When we are going through separation and divorce, that sense of overwhelm can feel like drowning with nobody there to throw us a rope or life preserver.
These feelings of chaos and panic are usually compounded with the fact that we are not sure what to do or when to do it. Should-do’s, checklists and well-intentioned advice from multiple sources seem to contradict one another. And instead of feeling a sense of clarity when it comes to what we need to take care of—from the operational standpoint to the emotional—we end up feeling panicked, confused and hopeless.
No other time are these feelings of hurt, panic and confusion felt more acutely than in the initial weeks of separation. My husband had moved out right at the beginning of January 2011, after years of pretending our marriage was fine, after months of our denial, fighting and a few failed attempts to make the marriage work.
Even before we decided to split we experienced a roller coaster of emotions. When the split actually occurred, a whole new set of grief and confusion took its place. Looking back, the most accurate way I can think of to describe those initial weeks of separation is in comparison to nuclear fallout. Everything in my life seemed radioactive—my emotions were at their most raw and my sense of logic, rational and organization was at its weakest.
As adults, I think we like to consider ourselves rational people who are capable of keeping our calm, making informed decisions not guided by emotion. But I remember during those initial weeks of that first month, I didn’t feel any of those cool and calm and collected things. My sense of logic and organization was at its weakest—never had I felt so vulnerable, crazy or ashamed.
By some stroke of luck, my boss, who later became my mentor and dear friend, pulled me aside as I was leaving from work one day and handed me a brown paper bag.
“Open it when you get home. There’s something in it that you can use.”
The bag seemed empty despite its being rolled up tightly. Once I returned back to my apartment, I opened it carefully, not knowing what to expect. At the bottom was a half-slip of paper—a computer printout with the following words:
“Finish each day and be done with it. You have done what you could. Some blunders and absurdities no doubt crept in; forget them as soon as you can. Tomorrow is a new day. You shall begin it serenely and with too high a spirit to be encumbered with your old nonsense.” ~ Ralph Waldo Emerson
It was just what I needed, as if those words had been written just for me. For weeks and months afterward, I felt that they were the only thing keeping me sane. They were with me as the separation continued and the assets were divided as the court date came and the divorce decree was sent. These words were there for me even as I stumbled through the world of dating again, as I set out to make sense of loss and what life as a divorcee meant and how to derive meaning from it. Regardless of the drama and craziness that occurred in my life on a daily basis, those words stayed, providing the tough love and the encouragement when I needed them most.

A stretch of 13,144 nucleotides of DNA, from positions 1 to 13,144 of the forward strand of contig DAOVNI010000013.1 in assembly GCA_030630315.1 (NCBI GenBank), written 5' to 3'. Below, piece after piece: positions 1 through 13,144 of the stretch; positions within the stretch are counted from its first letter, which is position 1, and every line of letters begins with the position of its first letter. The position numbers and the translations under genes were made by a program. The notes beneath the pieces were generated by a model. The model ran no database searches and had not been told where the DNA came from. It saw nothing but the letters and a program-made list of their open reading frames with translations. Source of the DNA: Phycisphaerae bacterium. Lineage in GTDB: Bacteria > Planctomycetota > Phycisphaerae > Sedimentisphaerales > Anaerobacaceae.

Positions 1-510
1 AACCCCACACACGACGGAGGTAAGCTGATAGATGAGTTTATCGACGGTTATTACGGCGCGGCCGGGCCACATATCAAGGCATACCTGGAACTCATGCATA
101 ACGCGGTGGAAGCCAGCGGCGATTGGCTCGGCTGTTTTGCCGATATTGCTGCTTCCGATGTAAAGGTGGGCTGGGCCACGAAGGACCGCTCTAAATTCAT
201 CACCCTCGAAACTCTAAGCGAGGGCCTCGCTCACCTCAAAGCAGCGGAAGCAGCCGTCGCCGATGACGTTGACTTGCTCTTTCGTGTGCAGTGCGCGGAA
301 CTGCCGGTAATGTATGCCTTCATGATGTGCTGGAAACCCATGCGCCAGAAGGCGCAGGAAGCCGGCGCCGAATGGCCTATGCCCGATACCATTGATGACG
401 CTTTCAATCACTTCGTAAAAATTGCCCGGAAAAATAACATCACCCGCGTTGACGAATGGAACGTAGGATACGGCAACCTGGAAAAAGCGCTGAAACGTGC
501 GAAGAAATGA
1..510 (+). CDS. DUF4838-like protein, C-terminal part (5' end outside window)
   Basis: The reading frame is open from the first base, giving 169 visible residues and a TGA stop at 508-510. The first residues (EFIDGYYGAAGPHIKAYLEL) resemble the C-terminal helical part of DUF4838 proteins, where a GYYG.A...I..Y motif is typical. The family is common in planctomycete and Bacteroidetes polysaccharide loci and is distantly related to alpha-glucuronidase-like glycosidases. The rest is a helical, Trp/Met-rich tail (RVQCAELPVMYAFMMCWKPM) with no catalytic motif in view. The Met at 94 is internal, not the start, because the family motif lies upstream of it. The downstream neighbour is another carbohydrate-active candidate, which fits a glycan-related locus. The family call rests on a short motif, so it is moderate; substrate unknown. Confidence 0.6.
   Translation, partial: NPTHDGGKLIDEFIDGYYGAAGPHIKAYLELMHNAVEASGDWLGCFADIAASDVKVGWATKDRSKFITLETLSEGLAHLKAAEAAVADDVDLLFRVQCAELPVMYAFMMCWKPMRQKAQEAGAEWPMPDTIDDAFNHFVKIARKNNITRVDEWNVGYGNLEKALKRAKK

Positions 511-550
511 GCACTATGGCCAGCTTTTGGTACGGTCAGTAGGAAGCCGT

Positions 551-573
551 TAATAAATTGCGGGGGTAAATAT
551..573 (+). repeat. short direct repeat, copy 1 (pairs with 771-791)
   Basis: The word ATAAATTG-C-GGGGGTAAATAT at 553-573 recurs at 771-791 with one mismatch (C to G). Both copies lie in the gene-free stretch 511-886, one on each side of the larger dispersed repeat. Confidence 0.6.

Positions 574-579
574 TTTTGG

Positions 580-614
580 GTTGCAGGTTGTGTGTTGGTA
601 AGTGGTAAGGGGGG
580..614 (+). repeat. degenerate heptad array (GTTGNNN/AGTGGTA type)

Years later and after several moves, this yellowed and curled piece of paper remains taped to my bathroom mirror. It is one of the last things I read before I go to bed and one of the first things that greets me when I wake up. And regardless of what I’m going through, it brings me back to the time when that small bit of encouragement was a lifeline for my soul that was drowning at sea. And although its primary purpose no longer serves as the source comfort and inspiration during a divorce, it still provides the reminder of compassion and mindfulness so easily lost during the autopilot existence into which we sometimes fall.
For those still in one of the many stages of divorce and separation, the blunders and absurdities of which Emerson speaks are all too real and incessant. The drama, anger and arguments with lawyers and divorcing spouses can make us feel like we just want to crawl up in a hole and never come back out. The pangs of panic when we can’t imagine how we will ever function fully without a partner will make it hard to concentrate and harder to fall asleep at night. And there will be recurring episodes of self-pity when we are sure that nobody has ever enduring the hell that we’re living through.
But we must remember that those things are the blunders and absurdities that we have the power to forget. Every morning we are given that blank slate from which our spirits can remain high, disregarding the prior day’s sadness. And when we make that choice to start each new day with that sense of serenity and mindfulness, we will find that those days become weeks, those weeks become months and those months somehow become years.
And if we do it right, we have consequently made the choice to give ourselves a second chance. Our choice to rise above the madness and begin each new day serenely with too high of a spirit to be encumbered by our old nonsense truly does make all the difference.
Walk the Talk with Waylon Lewis/What to do When your Life has Gone to S***:
How to Fall in Love with Yourself:
Author: Martha Bodyfelt
Editor: Alli Sarazen